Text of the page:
Monday, May 14, 2007

Zero Sum

Competitive sports were never quite my thing. For starters I was a little bit of a late bloomer physically so I was never the fastest, tallest or biggest in my age group. In fact I was usually on the small side. Did I mention that I also wore glasses since about 4th grade? These things all conspired against me to solidify my ranking as last kind to get picked for dodgeball, softball, kickball and every other game with the suffix ball.
As I look back on my life I can see that what I didn’t like about competitive sports was the fact that somebody always had to be on the loosing side. Every point for one team is a point against the other. Even on the rare times when the team that I was on would win I felt like our joy in winning was only at the cost of the pain of the others loosing. I went looking for something else, something that did not require what I saw as a false dichotomy.
I always enjoyed riding my bike. In high school I rode my bike a lot with my friends. I enjoyed the fact that we could spend all day riding around the area and get great exercise and neither of us had to loose. In fact we seemed to ride faster, longer and have more fun doing it when we rode together. While in Japan this came in really handy. Even though my primary reason for riding my bike everywhere was transportation and not exercise I thoroughly enjoyed myself.
After returning from Japan I took up rock climbing. Climbing provided me with the sport that I had been missing and took what I enjoyed in cycling and took it up another notch. Even more than cycling climbing is a sport where nobody has to loose. There are no teams and no competitions. You just go out with some friends and the group tries to do their personal best. There is no trash talking or put downs. In fact it’s quite the opposite. Climbers encourage and even share strategies on how to climb better and better. I’ve witnessed one climber climb a route that had never been climbed before and was also a personal best for himself only to coach a perfect stranger who had just walked by through the part he had found the toughest. I will concede that this type of camaraderie may exist at some level in other sports. I was just never quite good enough to let into that privileged circle. For the most part I did not feel that climbing even had this inner circle. I’ve have seen sponsored professionals enjoy helping and watching rank novices out for their first day on the rocks.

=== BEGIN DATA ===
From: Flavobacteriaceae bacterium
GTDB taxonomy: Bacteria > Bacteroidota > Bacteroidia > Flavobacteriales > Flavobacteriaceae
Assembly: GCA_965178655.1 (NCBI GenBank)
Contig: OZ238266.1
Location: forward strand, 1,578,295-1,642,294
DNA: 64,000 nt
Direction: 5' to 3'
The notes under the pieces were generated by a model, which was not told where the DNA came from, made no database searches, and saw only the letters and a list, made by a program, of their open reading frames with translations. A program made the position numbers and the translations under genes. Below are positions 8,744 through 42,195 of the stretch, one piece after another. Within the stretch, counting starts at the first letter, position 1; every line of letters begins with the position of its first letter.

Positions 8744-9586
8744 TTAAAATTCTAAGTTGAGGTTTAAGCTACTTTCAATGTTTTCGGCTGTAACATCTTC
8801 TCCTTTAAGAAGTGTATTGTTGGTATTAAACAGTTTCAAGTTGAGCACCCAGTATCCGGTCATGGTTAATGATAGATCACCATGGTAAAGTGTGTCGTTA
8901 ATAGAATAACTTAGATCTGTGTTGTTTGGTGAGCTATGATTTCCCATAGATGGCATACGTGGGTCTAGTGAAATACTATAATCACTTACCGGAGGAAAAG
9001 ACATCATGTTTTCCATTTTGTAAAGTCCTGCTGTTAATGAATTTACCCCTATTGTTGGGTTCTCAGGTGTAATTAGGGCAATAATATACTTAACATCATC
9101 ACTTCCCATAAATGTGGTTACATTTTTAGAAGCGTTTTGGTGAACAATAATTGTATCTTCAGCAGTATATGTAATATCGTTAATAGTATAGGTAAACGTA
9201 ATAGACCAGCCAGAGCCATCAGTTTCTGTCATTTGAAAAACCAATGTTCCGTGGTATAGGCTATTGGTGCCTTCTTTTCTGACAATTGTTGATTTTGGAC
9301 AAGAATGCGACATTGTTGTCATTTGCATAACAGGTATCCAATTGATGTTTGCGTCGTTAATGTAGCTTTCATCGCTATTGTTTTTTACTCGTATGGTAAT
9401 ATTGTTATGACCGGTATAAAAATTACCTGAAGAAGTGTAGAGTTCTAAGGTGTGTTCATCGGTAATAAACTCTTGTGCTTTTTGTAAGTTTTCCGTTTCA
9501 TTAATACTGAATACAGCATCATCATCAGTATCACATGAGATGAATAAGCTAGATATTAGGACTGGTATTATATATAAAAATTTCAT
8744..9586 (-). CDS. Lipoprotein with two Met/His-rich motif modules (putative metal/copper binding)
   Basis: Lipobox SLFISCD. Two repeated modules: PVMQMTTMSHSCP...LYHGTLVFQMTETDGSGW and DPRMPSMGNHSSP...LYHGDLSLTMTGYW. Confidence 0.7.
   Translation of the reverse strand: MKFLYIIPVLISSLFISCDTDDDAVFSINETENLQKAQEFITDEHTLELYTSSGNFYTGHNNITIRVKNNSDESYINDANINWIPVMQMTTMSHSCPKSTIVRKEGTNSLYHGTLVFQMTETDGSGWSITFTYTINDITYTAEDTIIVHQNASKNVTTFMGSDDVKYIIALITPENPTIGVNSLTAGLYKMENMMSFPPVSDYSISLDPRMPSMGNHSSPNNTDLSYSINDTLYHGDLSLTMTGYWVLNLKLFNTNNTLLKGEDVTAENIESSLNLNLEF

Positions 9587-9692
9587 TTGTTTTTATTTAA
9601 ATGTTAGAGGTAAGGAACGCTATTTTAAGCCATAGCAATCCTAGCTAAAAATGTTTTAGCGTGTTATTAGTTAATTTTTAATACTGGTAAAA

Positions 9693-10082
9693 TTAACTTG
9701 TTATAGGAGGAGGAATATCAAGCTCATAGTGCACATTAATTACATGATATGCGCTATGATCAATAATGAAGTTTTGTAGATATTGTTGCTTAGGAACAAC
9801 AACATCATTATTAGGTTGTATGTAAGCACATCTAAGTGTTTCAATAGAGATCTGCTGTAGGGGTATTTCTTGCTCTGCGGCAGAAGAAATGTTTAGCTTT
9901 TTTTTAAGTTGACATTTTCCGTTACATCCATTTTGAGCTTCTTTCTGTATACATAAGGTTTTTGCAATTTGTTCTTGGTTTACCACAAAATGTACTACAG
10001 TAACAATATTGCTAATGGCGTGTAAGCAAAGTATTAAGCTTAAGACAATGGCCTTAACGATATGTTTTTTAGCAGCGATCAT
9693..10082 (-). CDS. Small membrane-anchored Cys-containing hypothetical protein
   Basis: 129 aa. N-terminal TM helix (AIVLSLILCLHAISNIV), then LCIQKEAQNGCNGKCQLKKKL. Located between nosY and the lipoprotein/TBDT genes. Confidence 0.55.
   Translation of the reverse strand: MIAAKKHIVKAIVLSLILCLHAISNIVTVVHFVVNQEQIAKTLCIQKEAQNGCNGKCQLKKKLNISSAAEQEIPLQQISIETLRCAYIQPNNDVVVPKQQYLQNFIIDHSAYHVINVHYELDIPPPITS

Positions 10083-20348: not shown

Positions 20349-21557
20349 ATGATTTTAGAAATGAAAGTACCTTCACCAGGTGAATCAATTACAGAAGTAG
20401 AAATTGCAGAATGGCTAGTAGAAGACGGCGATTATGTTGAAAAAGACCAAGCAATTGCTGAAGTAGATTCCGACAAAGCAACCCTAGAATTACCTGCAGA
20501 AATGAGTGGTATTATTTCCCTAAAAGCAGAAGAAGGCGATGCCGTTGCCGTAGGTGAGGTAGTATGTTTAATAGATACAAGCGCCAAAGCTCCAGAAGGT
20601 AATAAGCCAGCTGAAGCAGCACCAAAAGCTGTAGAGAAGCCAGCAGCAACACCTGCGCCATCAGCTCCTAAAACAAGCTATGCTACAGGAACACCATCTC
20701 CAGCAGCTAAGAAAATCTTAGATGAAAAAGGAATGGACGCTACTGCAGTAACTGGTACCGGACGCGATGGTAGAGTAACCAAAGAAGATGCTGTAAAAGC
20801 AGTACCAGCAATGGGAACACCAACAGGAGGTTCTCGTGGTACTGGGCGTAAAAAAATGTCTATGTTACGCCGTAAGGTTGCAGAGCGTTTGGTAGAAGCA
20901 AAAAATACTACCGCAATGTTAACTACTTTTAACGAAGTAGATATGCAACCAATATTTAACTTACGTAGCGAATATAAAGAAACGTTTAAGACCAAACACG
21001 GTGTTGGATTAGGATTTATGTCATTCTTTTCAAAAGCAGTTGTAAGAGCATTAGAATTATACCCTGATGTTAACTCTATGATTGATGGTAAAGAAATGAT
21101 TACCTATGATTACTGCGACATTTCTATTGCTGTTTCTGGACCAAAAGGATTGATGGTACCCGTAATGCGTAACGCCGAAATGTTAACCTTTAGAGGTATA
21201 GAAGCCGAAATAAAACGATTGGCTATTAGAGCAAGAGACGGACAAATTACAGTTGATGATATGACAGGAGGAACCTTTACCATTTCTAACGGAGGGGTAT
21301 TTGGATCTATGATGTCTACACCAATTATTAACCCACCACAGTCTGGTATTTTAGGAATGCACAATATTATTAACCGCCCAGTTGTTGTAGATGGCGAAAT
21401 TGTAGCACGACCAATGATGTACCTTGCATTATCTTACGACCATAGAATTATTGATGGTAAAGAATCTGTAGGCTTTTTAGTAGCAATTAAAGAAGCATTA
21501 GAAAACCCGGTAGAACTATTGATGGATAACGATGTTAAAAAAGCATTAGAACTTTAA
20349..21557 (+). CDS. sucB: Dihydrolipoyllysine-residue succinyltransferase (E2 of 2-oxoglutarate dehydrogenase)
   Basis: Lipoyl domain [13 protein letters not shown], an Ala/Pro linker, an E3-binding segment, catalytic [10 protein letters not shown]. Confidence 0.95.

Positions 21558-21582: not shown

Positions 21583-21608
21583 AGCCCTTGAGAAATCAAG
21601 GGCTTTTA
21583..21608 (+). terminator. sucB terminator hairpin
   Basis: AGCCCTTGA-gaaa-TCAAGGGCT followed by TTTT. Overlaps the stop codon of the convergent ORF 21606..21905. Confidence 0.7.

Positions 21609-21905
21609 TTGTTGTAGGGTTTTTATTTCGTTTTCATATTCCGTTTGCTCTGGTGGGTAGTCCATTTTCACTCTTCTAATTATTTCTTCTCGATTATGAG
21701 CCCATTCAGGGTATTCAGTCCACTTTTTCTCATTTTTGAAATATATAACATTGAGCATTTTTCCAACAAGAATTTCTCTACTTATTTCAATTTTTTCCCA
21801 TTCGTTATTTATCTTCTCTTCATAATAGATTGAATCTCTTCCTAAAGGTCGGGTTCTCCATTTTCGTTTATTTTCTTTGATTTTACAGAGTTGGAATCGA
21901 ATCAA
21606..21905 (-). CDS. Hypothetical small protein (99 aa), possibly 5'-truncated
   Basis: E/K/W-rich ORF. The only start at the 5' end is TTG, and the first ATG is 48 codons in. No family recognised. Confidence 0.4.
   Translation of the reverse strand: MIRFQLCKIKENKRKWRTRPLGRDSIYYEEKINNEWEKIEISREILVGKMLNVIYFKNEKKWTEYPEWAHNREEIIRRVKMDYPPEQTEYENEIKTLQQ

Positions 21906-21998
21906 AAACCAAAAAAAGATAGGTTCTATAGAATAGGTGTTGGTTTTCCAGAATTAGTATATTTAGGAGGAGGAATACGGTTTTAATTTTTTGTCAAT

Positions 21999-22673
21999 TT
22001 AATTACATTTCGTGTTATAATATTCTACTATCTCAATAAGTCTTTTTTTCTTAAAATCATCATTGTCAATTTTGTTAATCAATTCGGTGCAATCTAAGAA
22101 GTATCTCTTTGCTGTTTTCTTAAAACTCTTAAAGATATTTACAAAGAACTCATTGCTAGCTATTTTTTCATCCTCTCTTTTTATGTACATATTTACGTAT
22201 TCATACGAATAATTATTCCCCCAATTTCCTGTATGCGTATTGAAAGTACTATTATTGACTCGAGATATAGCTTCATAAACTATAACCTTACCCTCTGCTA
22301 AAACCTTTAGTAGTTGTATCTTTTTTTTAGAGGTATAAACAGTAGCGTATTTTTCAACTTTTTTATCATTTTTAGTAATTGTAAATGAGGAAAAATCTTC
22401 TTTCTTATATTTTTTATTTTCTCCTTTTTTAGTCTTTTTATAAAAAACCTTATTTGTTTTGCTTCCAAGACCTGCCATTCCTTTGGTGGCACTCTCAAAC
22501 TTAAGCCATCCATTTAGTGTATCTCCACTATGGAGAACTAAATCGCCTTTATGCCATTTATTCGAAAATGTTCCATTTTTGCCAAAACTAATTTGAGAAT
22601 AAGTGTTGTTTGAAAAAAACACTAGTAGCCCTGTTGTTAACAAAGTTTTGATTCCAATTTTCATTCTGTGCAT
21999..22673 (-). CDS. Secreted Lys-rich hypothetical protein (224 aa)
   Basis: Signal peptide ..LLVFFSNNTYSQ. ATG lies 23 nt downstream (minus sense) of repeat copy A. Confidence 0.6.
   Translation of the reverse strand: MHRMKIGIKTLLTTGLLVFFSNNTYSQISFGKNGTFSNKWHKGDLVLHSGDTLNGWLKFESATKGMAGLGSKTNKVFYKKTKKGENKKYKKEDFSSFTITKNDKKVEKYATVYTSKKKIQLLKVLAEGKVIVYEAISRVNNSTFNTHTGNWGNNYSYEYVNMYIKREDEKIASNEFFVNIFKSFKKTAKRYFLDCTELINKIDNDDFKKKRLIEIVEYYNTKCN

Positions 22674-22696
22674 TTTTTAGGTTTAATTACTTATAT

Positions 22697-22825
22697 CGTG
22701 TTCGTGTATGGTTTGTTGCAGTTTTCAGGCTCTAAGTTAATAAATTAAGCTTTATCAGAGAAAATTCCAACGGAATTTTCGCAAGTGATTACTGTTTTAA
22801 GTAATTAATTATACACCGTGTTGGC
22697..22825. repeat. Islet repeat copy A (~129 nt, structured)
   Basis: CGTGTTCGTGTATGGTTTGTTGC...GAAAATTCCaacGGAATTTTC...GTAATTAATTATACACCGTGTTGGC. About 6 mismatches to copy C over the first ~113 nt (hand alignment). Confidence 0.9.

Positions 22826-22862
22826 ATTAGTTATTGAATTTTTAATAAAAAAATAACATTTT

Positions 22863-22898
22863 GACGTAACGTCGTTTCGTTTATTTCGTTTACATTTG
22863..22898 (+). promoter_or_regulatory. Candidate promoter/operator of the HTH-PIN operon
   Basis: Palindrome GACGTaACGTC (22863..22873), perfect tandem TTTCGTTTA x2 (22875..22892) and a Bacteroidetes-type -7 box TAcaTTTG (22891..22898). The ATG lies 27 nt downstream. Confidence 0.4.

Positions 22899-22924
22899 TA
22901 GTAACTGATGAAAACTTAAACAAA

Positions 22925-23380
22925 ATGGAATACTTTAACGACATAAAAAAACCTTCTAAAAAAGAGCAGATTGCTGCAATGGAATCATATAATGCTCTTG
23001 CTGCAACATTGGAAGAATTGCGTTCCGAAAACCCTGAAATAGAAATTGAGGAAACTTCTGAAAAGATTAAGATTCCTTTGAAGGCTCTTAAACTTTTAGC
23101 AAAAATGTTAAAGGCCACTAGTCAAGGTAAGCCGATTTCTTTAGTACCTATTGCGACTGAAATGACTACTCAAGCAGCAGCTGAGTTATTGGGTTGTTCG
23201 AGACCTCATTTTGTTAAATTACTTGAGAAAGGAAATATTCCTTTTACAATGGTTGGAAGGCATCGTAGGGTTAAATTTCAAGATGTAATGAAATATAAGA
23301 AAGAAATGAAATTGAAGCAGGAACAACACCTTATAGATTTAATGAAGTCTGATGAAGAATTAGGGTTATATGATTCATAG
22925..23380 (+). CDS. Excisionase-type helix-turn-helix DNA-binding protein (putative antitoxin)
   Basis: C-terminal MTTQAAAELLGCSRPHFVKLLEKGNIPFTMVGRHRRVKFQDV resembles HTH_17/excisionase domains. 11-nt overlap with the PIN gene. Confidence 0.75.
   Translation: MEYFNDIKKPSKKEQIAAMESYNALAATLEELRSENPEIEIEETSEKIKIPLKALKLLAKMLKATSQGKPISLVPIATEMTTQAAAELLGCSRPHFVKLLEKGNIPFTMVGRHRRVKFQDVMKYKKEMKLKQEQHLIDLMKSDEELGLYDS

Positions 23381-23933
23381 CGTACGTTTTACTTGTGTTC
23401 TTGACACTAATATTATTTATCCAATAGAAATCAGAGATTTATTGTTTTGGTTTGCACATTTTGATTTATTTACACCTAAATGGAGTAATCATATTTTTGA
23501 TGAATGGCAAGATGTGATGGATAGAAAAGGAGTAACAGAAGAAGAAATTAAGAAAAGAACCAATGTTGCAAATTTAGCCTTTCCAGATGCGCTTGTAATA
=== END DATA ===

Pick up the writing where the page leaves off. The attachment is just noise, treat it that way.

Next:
On a personal level I also found that I enjoy the success of others even more than my personal successes on the rocks. When I go out with a friend of equal or superior skill I really enjoy what we can accomplish. However, I find that when I take friends, family members, clients or scout troops out climbing I have a much better time. Last April I guided about 30 young men and young women from my Ward for a beginner trip at Mount Yonah. Besides a few short boulder problems and one short rappel to show them how to do it, I didn’t get to climb at all. I spent the entire day belaying, teaching, putting on harnesses and setting up top rope anchors. I had a blast.
The concept of a zero sum game seems to me to be fatally flawed. The pleasure of what you are gaining only comes at the risk of loosing. I recognize that some folks may have been able to escape this type of thinking in sports with a scoreboard. I applaud their accomplishments. For me at least, I will continue to focus on what I believe to be cooperative sports rather than confrontational sports.
I've included the above photo because I believe it illustrates exactly my point. I have another photo from this series taken a few seconds afterwards when my partner's hands were not on my back. First of all, the other photo makes me feel intellectually dishonest. I didn't actually climb this little rock without help as that photo seems to display. Secondly, this photo is a much better example of how climbers, assist and support each other.


  1. That is still one of my favorite boulder probems. That was a great summer of discovery.

    And yes, I too can relate to the last kid picked syndrome. I found solace in running, cycling and climbing. I just smile and have to say no thanks when ever I get invited to play ball with the ward.

    I'm still not that coordinated and I can definitely do without reliving the adolescent angst of team sports.

  2. In all the years I played soccer, I can say that I never had more fun than when my team was losing big. Once the idea of winning is erased, the game truly become all about having fun. Like you I could never rejoice in any victory, because that meant the other team walked away losers.

  3. Just so the other four readers of this blog will know. It's Ray's hands on my back in the photo.